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Topic: neither send 0 nor 1 as digital (Read 1 time) previous topic - next topic

karlok

Hello,

how to neither send 0 nor 1 on a digital output?

My code (simplified):
Code: [Select]
pinMode(5,OUTPUT);
digitalWrite(5,HIGH);


This is for a transmitter and I don't think that sending LOW is the same as doing nothing...

I want to do the same as cutting the line would do.

Thank you
using Arduino Uno Rev 3

AWOL

What don't you understand about binary?
"Pete, it's a fool looks for logic in the chambers of the human heart." Ulysses Everett McGill.
Do not send technical questions via personal messaging - they will be ignored.

dhenry

Quote
how to neither send 0 nor 1 on a digital output?


Tri-state it.

BulletMagnet83

If your transmitter has a chip-select / enable pin, use that to turn it off when you're not transmitting. Is that what you're after?

pbrouwer

Hmm, in digital devices something is either 0 (low/false) or 1 (high/true). It cannot be both, and it cannot be neither. However, if you don't want to output anything at all on a pin, set the pin as an input. That way the arduino won't drive the connecting pin. This means some other device can set the pin level. If no device drives the pin, its state is undefined (it can be anything and everything). Digital things don't like undefined (undefined is not a number), so you may want to avoid that last situation.

Pieter

fungus


Hmm, in digital devices something is either 0 (low/false) or 1 (high/true). It cannot be both, and it cannot be neither. However, if you don't want to output anything at all on a pin, set the pin as an input.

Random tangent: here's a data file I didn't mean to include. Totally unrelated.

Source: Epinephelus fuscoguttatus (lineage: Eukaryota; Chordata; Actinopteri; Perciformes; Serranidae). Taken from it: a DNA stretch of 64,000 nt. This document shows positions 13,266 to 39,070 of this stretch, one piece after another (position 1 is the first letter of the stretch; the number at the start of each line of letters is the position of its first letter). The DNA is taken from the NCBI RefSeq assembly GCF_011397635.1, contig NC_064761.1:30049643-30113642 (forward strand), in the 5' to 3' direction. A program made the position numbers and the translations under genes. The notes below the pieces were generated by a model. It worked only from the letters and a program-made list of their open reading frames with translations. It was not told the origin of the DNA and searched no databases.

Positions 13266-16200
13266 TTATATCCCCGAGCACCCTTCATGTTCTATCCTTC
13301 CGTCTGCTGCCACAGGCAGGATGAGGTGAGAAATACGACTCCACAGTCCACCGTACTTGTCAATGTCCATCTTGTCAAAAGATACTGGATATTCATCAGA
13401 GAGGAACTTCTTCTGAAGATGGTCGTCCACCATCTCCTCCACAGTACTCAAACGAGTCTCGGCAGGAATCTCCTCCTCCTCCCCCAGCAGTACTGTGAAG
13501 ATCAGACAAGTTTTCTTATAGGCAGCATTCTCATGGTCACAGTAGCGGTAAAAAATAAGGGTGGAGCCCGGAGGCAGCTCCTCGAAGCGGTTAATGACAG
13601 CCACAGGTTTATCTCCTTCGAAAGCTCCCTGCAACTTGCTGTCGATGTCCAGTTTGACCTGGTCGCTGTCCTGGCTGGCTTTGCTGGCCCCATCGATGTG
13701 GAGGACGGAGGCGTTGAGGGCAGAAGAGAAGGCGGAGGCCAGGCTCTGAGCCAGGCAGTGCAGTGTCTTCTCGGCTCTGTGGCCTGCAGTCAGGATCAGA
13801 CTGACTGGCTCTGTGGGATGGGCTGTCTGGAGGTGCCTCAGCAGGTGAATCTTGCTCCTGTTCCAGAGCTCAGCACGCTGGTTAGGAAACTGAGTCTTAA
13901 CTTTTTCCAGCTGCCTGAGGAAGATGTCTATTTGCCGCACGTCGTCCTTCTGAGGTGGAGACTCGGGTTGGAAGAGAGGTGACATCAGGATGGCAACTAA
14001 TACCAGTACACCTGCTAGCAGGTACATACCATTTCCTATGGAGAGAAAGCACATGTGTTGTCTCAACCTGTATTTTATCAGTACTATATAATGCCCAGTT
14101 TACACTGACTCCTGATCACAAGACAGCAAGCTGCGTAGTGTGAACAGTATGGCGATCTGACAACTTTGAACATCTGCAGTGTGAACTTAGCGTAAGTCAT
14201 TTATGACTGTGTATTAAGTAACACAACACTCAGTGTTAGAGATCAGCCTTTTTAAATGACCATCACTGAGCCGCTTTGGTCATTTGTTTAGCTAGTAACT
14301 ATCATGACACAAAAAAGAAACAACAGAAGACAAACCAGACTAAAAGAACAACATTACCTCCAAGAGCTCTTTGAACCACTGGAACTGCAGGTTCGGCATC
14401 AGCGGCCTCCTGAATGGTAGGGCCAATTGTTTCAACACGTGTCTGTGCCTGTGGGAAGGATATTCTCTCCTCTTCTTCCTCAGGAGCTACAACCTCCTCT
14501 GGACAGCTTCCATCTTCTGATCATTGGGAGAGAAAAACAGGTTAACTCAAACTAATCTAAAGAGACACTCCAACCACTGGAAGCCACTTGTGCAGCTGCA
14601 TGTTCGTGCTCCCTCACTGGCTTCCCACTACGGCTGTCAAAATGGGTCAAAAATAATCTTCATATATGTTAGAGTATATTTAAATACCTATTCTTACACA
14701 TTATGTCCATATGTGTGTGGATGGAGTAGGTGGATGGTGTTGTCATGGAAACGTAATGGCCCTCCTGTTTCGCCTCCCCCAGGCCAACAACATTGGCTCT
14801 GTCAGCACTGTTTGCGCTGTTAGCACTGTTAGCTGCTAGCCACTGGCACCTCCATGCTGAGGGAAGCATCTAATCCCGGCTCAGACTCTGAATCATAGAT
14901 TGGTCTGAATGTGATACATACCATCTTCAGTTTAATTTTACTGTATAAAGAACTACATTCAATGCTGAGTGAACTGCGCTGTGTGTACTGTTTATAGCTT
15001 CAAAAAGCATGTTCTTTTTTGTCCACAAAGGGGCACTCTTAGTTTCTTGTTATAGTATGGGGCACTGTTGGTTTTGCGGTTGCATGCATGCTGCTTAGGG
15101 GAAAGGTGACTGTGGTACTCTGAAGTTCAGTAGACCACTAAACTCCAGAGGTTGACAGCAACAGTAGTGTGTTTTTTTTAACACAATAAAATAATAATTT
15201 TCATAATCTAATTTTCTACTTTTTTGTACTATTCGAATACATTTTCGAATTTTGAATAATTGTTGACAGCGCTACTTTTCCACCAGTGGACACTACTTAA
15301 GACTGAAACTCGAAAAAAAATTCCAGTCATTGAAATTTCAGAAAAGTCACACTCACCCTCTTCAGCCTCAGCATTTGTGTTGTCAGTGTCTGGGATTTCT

Set the pin as an input AND turn off the pullup resistor by setting the output to 0.
No, I don't answer questions sent in private messages (but I do accept thank-you notes...)

pbrouwer



Hmm, in digital devices something is either 0 (low/false) or 1 (high/true). It cannot be both, and it cannot be neither. However, if you don't want to output anything at all on a pin, set the pin as an input.


Set the pin as an input AND turn off the pullup resistor by setting the output to 0.



Yep, unless you want the pin to default to 5V that is.

karlok


Set the pin as an input AND turn off the pullup resistor by setting the output to 0.

That's good!
Thank you very much.

using Arduino Uno Rev 3

dhenry

Quote
Set the pin as an input AND turn off the pullup resistor by setting the output to 0.


The part after "AND" is not necessary.

mauried

What type of Transmitter is being used?
If its a simple ASK Transmitter , then leaving the data pin in a high impedance state can cause the
transmitter to intermitantly transmit , as the voltage on the pin will float around.
Much better to leave it with a 0 on the data pin.

dlight

#10
Oct 12, 2012, 10:55 am Last Edit: Oct 12, 2012, 11:00 am by AWOL Reason: 1
Maybe not exactly what you are looking for, but check this forum post.

Moderator edit: removed quotes from URL

Grumpy_Mike



Set the pin as an input AND turn off the pullup resistor by setting the output to 0.

That's good!
Thank you very much.

While that is correct what ever you are doing I don't think you need to do this at all. If you are connecting the pin to the input of another chip you do not want it floating as it is called.

Graynomad

Quote
What don't you understand about binary?

That there are only 10 types of people in the world...those that understand binary and those that don't.

Yeah I know, it's an old one, but it still cracks me up.

______
Rob
Rob Gray aka the GRAYnomad www.robgray.com

pwillard

To me... *floating* means... I will allow the mysterious spirits of the Ether and Paranormal to decide the fate (state) of the pin in question.  (or let my finger decide)

fungus


Quote
Set the pin as an input AND turn off the pullup resistor by setting the output to 0.


The part after "AND" is not necessary.



Nope. It's definitely necessary.

No, I don't answer questions sent in private messages (but I do accept thank-you notes...)

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